Sunday, July 30, 2006

Carmen - "Dancing On a Cold Wind" {US, UK & Spain} [1975] @256 (Very Good Flamenco Prog)

Carmen is an unfairly forgotten band. Formed in Los Angeles in 1970, they were, since the very begining, under the influence of the west coast psych movement and andalusian flamenco.

In an attempt to expand their audience, Carmen members moved to London in 1973, where they underwent the process of transformation that would lead many bands like Procol Harum (another heavy influence on them) or Moody Blues into the early shape of what we call now Progressive Rock.
But Carmen was a bt different and they were metamorphosed into prog and sometghing else. Something with the flavor of a good spanish wine.

The line up at the time was:Roberto Amaral & Angela Allen, singers, footworking, spanish percussion and dancing.
David Allen, Angela's brother, (not the Gong founder), played the Guitar (both acoustic and electric), John Glascock: bass and Paul Fenton, Drums and percussion.

In London they found shelter under the wings of Tony Visconti, a man who had produced many good artists, including David Bowie. Visconti saw the potential of the band and arranged the production of their first album, "Fandangos in Space", mixing the energy of rock with the strenght and vertigo of flamenco. "Fandandos in Space" is a good album, but it lacked certain maturity that happeneed a bit later, after some gigs and TV presentations. Although the album was not a super success, it called the attention of people like Ian Anderson, who had driven his own band, Jethro Tull to the status of a super group. Meanwhile David Allen, a virtuoso guitar player heavily influenced by Sabicas' frantic way of playing the flamenco scales, started to prepare the new Carmen album.

By 1975, harder prog bands like King Crimson influenced Carmen. Allen wanted a more abrassive and hard sound for his band. They entered the history of Prog that year with the publication of "Dancing On A Cold Wind", a conceptual album of sorts which opened with the mind expanding track Viva Mi Sevilla, a strong and very solid mix of flamenco whirlwinds with hard rock and intense footworking that makes you feel like jumping out of your chair and dance.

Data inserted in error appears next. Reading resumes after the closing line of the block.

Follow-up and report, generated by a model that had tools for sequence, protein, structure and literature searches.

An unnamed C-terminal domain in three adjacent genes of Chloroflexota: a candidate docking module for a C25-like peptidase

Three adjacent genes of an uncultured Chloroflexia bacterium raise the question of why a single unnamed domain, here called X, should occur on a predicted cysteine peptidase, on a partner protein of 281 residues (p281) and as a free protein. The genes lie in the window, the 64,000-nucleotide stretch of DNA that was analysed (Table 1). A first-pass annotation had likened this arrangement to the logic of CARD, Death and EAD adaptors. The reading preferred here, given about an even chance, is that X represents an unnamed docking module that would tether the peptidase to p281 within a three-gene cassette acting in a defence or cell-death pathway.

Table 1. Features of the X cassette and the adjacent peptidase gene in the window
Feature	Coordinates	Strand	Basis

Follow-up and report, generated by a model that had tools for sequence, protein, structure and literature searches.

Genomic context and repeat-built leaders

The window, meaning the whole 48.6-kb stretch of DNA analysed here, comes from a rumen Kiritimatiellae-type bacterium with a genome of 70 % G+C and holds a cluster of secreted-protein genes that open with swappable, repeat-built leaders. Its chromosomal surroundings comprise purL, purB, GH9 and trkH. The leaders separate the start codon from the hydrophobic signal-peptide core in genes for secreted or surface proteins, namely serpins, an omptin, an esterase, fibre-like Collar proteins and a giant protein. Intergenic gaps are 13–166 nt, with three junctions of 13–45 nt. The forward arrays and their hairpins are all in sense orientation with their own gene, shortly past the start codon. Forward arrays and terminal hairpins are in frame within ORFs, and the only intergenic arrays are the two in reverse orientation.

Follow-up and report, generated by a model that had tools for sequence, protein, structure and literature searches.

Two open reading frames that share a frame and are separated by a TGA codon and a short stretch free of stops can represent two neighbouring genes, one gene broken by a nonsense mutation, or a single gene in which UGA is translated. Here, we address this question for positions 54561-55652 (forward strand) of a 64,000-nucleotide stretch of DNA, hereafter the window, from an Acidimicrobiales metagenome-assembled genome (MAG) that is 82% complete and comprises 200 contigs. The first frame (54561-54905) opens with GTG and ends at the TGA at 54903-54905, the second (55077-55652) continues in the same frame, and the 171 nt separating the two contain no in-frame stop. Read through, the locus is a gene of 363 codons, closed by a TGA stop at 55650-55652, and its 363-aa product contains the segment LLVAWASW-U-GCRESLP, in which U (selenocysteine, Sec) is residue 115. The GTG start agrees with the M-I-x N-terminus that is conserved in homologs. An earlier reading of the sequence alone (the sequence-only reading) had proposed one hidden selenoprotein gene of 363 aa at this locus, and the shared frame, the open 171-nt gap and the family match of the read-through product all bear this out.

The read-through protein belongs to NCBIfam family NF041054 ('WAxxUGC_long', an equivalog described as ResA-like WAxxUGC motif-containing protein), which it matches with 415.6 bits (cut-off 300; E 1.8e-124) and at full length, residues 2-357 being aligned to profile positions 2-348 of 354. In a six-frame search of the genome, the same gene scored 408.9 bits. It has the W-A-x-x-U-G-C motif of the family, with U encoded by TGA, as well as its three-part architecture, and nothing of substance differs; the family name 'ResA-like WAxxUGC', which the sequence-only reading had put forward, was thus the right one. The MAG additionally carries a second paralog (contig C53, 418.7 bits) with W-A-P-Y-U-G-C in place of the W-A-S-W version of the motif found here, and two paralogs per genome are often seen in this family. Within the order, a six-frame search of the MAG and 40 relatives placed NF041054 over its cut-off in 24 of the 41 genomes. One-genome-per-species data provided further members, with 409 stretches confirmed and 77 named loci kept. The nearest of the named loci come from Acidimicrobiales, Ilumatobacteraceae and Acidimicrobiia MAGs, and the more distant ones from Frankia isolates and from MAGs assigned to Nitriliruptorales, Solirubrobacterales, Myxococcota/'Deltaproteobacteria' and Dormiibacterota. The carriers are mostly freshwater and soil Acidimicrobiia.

The album is complemented by the epic suite Rememeberances (Recuerdos de España) a narrative musical journey accross the exotic landscapes of the moorish occupied Spain.

That was Carmen's zenith. That year they toured with Jethro Tull and were well received by the audiences although the albums sales were never too good. It was probably too early for ethnic flavored rock.

Let's remeber that the Franco's rigid dictatorship was still in control of Spain. Rock and liberal thoughts were not well received there and extraordinary flamenco-rock bands like Triana or I man had never crossed the spanish border. Flamenco-rock was then an unexistent contraption outside the Iberic peninsula, so Carmen's sound was something odd. Never heard before and maybe too alien.

After the tour, John Glascock was invited to join Jethro Tull (an invitation he couldn't refuse). The Allen brothers and Amaral wanted to go back to the USA. Eventually they managed to built a third album with some previously unreleased material and a few new songs, but by 1976 the fate of Carmen was sealed.

Another brilliant but ephimerous spark in the history of rock had illuminated the sky for a split second.

Today, 31 years later, we bring this memory from the past for you.

Listen to it loud.

The track Viva Mi Sevilla will make your blood boil.

España y Olé!

Keep Listening...!!!

Dance your way down to the links, which are in the comments section.

PS. I Included some rare video footage of Carmen at David Bowie's TV show 1974. This was not included in the CD reissue.

Carmen – Table Two For One…


The Herbalist said...

Have an unforgettable evening with Señorita Carmen

Eddie Riff said...

Outstanding! I still have a vinyl copy of "Fandangos In Space" but this one slipped away during the last few decades. Many thanks. Eddie

Anonymous said...

Hi, would love if you could reload "dancing on a cold wind" by Carmen once again.
I love this site and I appreciate all the work and effort that goes into it.
warm wishes

Anonymous said...

Love your site and appreciate the care and effort.
There are those few who with their time and genorisity bring much pleasure to many....

Anonymous said...

Could you please repost? Link is long-dead, and I missed it (*sob*) when it was originally posted. Thanks

Anonymous said...

the link is broken

Anonymous said...
working link

Anonymous said...

What about the cover? It seems that J. J. Cale made an homage to their album with his own: "Shades". Isn'it?

Don Sancho said...

Sorry, just a little correction; Is 'La', 'La Señorita Carmen', not 'Señorita Carmen', my Herbalistic friend. The mode of 'ñ' is allright.

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